Getting the measure of a better capitalism

Growth and relative poverty are no longer enough to tell us whether our economy is on the right trac

Today the Institute for Fiscal Studies has launched an Exocet at the Coalition's claims to be a one-nation government taking a lead on poverty reduction. Nearly all measures of poverty are set to rise over the next five to ten years and the Coalition's policies are part of the cause.

But underneath the headlines the IFS analysis serves a less likely purpose. It provides timely grounds for questioning some of the key measures we use to judge progress in our society. In particular, it raises difficult questions about our reliance on a formula that says 'GDP growth plus poverty reduction' is enough.

To understand why, we should start by looking at the IFS account of what is happening to child poverty. Over the short-term relative poverty has fallen (though it will go on to rise sharply, as will absolute poverty). This fall might seem counter-intuitive given the current squeeze on living standards. The explanation nothing to do with a positive impact from the government's welfare policies. It is because typical ('median') household incomes have faced an 'unprecedented collapse' (in the words of the IFS), lowering the bar against which relative poverty is measured. It's not that those at the bottom are doing any better, just that those in the middle are doing worse.

It is for these same definitional reasons that the IFS show it would be a bad thing for relative child poverty if we find ourselves in the lucky - and highly unlikely - position of securing faster earnings growth for those on low-to-middle incomes in future years. The result would be higher median incomes and therefore increased poverty rates. Just as perversely, it would be a good thing for child poverty if future earnings growth went overwhelmingly to the top of society - a depressing if more likely scenario - and so failed to lift median incomes.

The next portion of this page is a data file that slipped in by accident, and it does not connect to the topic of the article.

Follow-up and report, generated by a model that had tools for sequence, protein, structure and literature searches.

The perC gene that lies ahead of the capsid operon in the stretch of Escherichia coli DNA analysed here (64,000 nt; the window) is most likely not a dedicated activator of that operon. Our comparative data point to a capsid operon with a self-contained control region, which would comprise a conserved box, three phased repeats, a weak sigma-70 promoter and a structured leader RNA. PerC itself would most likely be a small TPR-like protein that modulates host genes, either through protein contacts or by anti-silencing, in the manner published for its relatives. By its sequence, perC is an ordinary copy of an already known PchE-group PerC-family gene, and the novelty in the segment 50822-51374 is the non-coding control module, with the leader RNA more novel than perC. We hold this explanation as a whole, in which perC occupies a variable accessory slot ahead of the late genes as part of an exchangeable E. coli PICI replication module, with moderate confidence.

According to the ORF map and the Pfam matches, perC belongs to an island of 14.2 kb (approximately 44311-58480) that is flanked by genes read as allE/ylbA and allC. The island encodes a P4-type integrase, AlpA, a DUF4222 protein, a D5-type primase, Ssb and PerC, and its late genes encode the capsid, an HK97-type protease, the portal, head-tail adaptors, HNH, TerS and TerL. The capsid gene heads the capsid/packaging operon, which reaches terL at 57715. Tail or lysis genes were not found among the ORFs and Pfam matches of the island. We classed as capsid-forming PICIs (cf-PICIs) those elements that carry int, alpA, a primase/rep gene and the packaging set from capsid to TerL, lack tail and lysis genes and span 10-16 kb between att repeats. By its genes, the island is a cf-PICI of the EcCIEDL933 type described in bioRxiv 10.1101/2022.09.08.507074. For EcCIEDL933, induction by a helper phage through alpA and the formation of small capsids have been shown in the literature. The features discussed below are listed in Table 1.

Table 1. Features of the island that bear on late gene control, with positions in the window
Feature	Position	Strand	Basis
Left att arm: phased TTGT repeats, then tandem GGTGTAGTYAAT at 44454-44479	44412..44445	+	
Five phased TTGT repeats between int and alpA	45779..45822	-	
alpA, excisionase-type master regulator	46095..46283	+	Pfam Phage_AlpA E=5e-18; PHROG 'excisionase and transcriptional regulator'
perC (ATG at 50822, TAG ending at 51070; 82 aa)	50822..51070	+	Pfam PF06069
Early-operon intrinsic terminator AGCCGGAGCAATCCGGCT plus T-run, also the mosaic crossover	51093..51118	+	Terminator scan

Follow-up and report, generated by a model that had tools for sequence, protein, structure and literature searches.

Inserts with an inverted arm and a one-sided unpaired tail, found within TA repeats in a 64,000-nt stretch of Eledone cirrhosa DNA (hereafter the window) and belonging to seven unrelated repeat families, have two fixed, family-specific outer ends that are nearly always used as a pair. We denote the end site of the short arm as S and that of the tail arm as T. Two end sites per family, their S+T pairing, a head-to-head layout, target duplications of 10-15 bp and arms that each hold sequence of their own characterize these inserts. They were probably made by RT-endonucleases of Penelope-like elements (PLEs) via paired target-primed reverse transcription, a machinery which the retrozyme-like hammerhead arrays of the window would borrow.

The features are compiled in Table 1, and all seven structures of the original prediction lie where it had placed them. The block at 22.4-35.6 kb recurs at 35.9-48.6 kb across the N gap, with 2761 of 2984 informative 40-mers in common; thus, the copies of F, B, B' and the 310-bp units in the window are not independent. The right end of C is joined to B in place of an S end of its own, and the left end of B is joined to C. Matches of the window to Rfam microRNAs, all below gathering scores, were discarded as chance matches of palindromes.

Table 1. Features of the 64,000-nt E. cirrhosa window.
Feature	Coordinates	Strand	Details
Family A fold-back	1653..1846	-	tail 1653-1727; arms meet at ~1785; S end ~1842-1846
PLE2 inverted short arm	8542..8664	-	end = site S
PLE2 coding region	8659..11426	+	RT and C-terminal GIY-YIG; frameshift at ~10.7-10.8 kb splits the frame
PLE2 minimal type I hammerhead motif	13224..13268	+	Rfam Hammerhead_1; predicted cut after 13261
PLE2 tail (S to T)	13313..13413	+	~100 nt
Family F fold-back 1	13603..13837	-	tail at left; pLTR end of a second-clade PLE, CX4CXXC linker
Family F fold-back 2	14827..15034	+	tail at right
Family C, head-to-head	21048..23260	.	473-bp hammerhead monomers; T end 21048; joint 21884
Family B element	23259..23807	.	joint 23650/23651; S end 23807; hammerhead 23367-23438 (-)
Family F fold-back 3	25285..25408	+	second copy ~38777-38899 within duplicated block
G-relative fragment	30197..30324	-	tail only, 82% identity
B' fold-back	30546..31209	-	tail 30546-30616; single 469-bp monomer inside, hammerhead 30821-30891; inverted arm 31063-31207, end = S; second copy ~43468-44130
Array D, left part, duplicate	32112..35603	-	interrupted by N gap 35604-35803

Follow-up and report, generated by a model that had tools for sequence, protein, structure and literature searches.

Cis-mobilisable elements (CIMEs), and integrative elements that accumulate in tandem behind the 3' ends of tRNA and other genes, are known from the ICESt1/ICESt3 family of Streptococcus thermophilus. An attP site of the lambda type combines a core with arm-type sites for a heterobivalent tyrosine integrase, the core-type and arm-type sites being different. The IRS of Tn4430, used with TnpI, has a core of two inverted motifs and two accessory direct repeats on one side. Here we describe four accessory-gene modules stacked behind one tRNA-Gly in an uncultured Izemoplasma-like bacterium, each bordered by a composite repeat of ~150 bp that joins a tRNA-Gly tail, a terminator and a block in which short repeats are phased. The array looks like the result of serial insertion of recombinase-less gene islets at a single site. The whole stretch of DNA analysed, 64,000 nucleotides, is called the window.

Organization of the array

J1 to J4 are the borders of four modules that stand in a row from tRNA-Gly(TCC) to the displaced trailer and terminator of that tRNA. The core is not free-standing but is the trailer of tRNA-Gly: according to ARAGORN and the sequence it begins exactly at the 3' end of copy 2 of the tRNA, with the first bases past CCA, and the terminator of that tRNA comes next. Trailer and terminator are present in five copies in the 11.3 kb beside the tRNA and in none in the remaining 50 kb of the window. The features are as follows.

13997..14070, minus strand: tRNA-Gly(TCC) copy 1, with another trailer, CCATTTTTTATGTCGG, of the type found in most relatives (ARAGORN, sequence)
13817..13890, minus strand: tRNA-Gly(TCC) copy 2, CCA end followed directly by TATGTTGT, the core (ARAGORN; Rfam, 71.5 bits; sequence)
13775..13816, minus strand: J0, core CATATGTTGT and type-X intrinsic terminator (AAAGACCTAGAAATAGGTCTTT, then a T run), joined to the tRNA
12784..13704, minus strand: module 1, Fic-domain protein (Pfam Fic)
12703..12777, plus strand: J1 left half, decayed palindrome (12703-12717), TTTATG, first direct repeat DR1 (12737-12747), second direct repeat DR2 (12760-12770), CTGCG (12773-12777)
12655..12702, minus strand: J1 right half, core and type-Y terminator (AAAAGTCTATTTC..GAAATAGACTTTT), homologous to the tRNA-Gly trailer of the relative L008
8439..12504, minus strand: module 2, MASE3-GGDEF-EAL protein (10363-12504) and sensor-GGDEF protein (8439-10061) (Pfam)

There is nothing new about scoring debating points against a relative measure of poverty. It's not just those who disagree with it on the ideological grounds that we shouldn't care about income inequality (wrongly in my view). There are also progressive voices who think there are smarter ways of measuring these things. These concerns have a new purchase in an era when poverty appears to fall simply because the living standards of those in the middle are falling through the floor.

Nor is this the only measure of economic progress that needs probing. Take GDP growth. It used to be the case that if the growth figures were good then we could assume the living standards of the working population could take care of themselves. Now we're not so sure. In the UK growth stopped flowing into personal gain for low-to-middle income households early on in the last decade when wages started to flat-line. For ordinary families growth, it seems, doesn't signify what it used to.

The importance of this goes beyond a technocratic debate about definitions. Governments - left and right - set their course and judge their progress by a few key measures. If these are designed for the nicer world of the 1990s and early 2000s, not the nastier times we now live in, they may be less reliable guides to good policymaking then our leaders like to think. In the past 'growth plus poverty reduction' was thought to be a decent proxy for a better capitalism. Today, the route to a progressive economy requires additional bearings.